Felicia D. Hemans The speaker in the poem narrates that Casabianca was standing alone on the board of the ship which was already caught by fire. The flames of the fire were rising all around him, but he was so brave that he did not move an inch and did not have a single sign of fear in his face.
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L ast week on the books blog, posters discussed a possible feature on forgotten bestselling novels. The idea converts well to poetry, because, while even excellent works of fiction tend to disappear if they haven't quite made the grade as "classics", once-popular poems stay around, evergreen in the traditional anthologies that still sit, fat and dusty, on most people's bookshelves.
We've sometimes pulled out poems or poets from the Poem of the week bookshelf that are undeservedly neglected. Some were neglected even in their own time. This week, I'm asking you to train your jeweller's spy-glass on an old favourite, "Casabianca", perhaps the most loved and widely-anthologised poem of the 19th century.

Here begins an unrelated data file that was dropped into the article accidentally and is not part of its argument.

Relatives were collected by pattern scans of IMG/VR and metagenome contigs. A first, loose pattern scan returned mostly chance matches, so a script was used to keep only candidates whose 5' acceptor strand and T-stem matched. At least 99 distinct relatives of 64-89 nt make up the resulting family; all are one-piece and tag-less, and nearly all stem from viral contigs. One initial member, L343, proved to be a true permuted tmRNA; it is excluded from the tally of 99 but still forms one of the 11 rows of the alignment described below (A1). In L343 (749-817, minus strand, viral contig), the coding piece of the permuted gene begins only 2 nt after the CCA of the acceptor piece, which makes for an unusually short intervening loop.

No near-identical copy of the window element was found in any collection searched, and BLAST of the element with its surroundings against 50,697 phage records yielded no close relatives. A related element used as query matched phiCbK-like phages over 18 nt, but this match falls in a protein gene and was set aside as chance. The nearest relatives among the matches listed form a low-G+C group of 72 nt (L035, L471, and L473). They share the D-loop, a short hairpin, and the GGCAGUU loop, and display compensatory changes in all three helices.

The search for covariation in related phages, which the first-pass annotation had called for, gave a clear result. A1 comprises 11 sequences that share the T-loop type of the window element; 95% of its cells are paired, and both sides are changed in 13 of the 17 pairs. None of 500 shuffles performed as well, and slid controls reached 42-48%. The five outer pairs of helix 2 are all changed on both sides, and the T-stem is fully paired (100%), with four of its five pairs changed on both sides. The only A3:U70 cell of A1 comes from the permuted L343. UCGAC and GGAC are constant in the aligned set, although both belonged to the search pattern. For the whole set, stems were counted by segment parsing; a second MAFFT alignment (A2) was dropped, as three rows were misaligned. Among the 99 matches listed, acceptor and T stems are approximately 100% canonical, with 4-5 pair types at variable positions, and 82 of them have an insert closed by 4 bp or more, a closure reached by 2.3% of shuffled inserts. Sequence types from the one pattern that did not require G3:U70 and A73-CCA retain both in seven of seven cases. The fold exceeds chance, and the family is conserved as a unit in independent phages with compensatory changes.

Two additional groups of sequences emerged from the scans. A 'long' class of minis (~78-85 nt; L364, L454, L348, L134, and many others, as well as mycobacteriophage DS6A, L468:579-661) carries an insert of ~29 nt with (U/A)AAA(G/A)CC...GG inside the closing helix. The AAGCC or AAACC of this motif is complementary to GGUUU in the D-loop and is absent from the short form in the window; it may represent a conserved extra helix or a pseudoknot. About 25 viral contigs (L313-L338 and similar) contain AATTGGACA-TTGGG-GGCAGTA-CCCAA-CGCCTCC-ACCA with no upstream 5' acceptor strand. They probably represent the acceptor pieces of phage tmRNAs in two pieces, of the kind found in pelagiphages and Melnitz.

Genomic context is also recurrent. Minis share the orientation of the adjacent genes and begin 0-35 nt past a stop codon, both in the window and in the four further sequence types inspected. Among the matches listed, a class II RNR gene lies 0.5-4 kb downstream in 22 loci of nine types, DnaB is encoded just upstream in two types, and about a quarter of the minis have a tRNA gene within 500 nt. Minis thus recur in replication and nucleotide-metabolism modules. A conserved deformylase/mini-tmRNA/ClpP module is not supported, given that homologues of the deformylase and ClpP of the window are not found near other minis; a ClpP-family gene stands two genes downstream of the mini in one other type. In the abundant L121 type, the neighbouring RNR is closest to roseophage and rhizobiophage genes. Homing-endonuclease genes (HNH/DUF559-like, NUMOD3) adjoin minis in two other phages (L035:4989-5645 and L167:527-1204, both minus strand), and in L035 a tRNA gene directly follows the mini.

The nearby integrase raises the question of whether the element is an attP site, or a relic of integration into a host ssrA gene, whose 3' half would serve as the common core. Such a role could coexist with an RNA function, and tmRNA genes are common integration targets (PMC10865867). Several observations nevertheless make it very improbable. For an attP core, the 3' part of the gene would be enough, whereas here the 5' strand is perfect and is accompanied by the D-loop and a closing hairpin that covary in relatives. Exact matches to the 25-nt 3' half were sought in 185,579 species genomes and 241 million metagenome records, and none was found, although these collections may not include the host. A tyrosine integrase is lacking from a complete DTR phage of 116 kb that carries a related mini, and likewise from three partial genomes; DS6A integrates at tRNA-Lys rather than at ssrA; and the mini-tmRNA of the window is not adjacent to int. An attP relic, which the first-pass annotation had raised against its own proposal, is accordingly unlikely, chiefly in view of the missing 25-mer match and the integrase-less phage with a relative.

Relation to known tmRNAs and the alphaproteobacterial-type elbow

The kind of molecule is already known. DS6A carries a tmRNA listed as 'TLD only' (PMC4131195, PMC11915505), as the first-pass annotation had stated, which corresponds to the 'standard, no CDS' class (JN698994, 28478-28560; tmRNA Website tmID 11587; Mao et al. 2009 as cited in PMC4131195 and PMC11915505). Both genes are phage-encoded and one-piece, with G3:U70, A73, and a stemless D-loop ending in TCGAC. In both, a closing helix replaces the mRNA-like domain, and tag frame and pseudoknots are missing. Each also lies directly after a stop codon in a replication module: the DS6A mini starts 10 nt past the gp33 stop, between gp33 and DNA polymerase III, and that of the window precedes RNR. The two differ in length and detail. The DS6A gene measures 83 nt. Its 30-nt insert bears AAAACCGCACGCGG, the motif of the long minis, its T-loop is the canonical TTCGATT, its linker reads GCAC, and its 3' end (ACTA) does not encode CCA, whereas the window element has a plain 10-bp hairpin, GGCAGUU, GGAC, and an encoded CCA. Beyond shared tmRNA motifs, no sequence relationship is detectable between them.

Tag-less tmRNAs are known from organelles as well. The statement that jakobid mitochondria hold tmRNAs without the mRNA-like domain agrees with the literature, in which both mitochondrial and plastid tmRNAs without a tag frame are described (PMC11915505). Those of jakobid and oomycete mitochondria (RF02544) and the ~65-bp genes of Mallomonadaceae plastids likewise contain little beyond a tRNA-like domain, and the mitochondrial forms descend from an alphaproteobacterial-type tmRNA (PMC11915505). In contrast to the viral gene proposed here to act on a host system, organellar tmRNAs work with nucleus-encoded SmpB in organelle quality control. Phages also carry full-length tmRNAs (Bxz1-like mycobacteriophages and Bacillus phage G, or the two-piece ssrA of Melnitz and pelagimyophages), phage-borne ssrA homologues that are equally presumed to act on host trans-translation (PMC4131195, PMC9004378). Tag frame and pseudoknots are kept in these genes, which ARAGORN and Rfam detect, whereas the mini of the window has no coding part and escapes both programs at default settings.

The best-selling Liverpudlian poet Felicia Dorothea Hemans was an ambitious, prolific writer, who produced larger-scale works than "Casabianca" She has deserved some recent efforts at reappraisal, but my question is not about her overall reputation.
It's whether this poem deserves the 21st century's attention. Is it diamond or paste? As we've recently discussed on this forum, a good parody demands such close reading it might almost be thought an ironical act of love. But most of the anonymous parodists of "Casabianca" didn't get beyond the first verse. It's not hard to understand the magnetic attraction to irreverence. No one, least of all the young, likes poetic ernestness, especially when it advertises extreme filial duty.